By Lori Mars, JD
December 19, 2019
Several months ago, the Los Angeles County Elder Abuse Forensic Center (the “Center”) reviewed a case involving an older woman, Ms. M, with moderate cognitive impairment who had been defrauded by her longtime live-in caregiver. The Center’s multidisciplinary experts, from medical, mental health, law enforcement, legal and social service sectors, collectively evaluated Ms. M’s case and developed an action plan to address the ensuing harm and available remedies. Among the proposed recommendations, the team suggested sending the Center’s Service Advocate, Maria Sierra, to appraise Ms. M’s condition and immediate needs.
Maria’s home visit coincided with Ms. M’s recent release from the hospital, a stay necessitated by the woman’s weakened medical state following the revelations of abuse. During the assessment, Maria learned that Ms. M had retained a replacement caregiver during her hospitalization. She also discovered that two days after the new caregiver was hired, Ms. M had asked an attorney to amend her existing trust documents to name the aide the trustee and beneficiary of her sizable estate.
While the brazenness and breadth of the caregiver’s presumptive misconduct may be surprising, the fact of mistreatment in the shadow of prior abuse is not. Older adults who have been mistreated once are more likely to experience concurrent or sequential incidents of harm. Secondary offenses, or poly-victimization, may be committed by the same or other individual, and constitute a similar or variant form of abuse. Ms. M was alone, bereft of family and close friends, with cognitive deficits, and destabilized by the betrayal of the sole constant companion in her world. Had Maria not timely discovered the wrongdoing, Ms. M would likely have been subjected to further financial misdeeds and compromised health and well-being.
Originally funded by Archstone Foundation in 2014, the Service Advocate program is intended to supplement the systemic and procedural redress offered by the Center with direct, person-centered assistance to older adults who have been mistreated. As the Center’s Advocate, Maria helps elders regain their footing, assert self-determined preferences and reclaim their self-worth in the aftermath of abuse. With a client-driven focus, she guides those with abuse-enhanced physical and psychological fragilities on a path towards safety and stability.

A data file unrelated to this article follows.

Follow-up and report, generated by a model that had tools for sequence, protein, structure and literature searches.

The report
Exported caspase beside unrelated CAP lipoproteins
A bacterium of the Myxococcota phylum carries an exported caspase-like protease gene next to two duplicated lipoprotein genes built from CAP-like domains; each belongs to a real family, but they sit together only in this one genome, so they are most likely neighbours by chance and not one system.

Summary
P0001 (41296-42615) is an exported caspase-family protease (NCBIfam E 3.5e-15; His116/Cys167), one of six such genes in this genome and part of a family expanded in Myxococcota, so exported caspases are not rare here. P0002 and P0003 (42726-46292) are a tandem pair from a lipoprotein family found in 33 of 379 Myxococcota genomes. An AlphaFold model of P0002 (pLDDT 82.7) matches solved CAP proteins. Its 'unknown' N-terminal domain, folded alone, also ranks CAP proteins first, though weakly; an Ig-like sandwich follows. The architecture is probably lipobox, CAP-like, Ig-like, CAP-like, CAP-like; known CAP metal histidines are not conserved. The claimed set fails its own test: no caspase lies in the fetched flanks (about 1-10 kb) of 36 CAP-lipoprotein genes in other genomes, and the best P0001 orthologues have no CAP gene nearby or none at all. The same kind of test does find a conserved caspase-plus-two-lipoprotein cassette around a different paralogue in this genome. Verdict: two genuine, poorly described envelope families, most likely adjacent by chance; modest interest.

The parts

In daily practice, Maria provides older adults who have been mistreated with support, kindness and emotional sustenance. Since many elders are alone, without family and foundational support, she serves as a conduit to needed resources and services. Pending the Center’s efforts to attain sustained resolution, Maria purchases food and clothing for those who are impoverished or cognitively unable to provide for themselves, locates shelter when needed, and drives clients to medical appointments and court hearings. On more than one occasion, she has braved threatening encounters to extricate older adults from imminent harm.
With Ms. M, Maria patiently explained the consequences of assigning financial control and gifting a valuable estate to an individual she barely knew. She also suggested care alternatives and advised Ms. M of financial and estate planning options. As a mandated reporter, Maria referred the matter to appropriate authorities.
In the years since its launch, the Service Advocate initiative has inspired the Case Manager position at the Orange County Elder Abuse Forensic Center and informed the Elder Advocate program currently being piloted in five jurisdictions within Maine’s Adult Protective Services system. Among the studies being conducted in Maine, researchers are measuring the efficacy and impact of the Elder Advocate intervention as a means to improve outcomes for older adults who have been abused. Specific areas of inquiry include investigating the Advocate’s role in eliciting elders’ preferences and values, determining whether personalized objectives lead to successful resolution, and understanding how implementation of person-centered goals, client safety, and restorative justice alter the focus on criminal justice remedies.
Research validating the role of the Service Advocate is a critical step in establishing an evidentiary foundation for what appears to be a promising intervention, one which helps ensure that older adults are treated with dignity and respect, free from abuse, neglect and exploitation.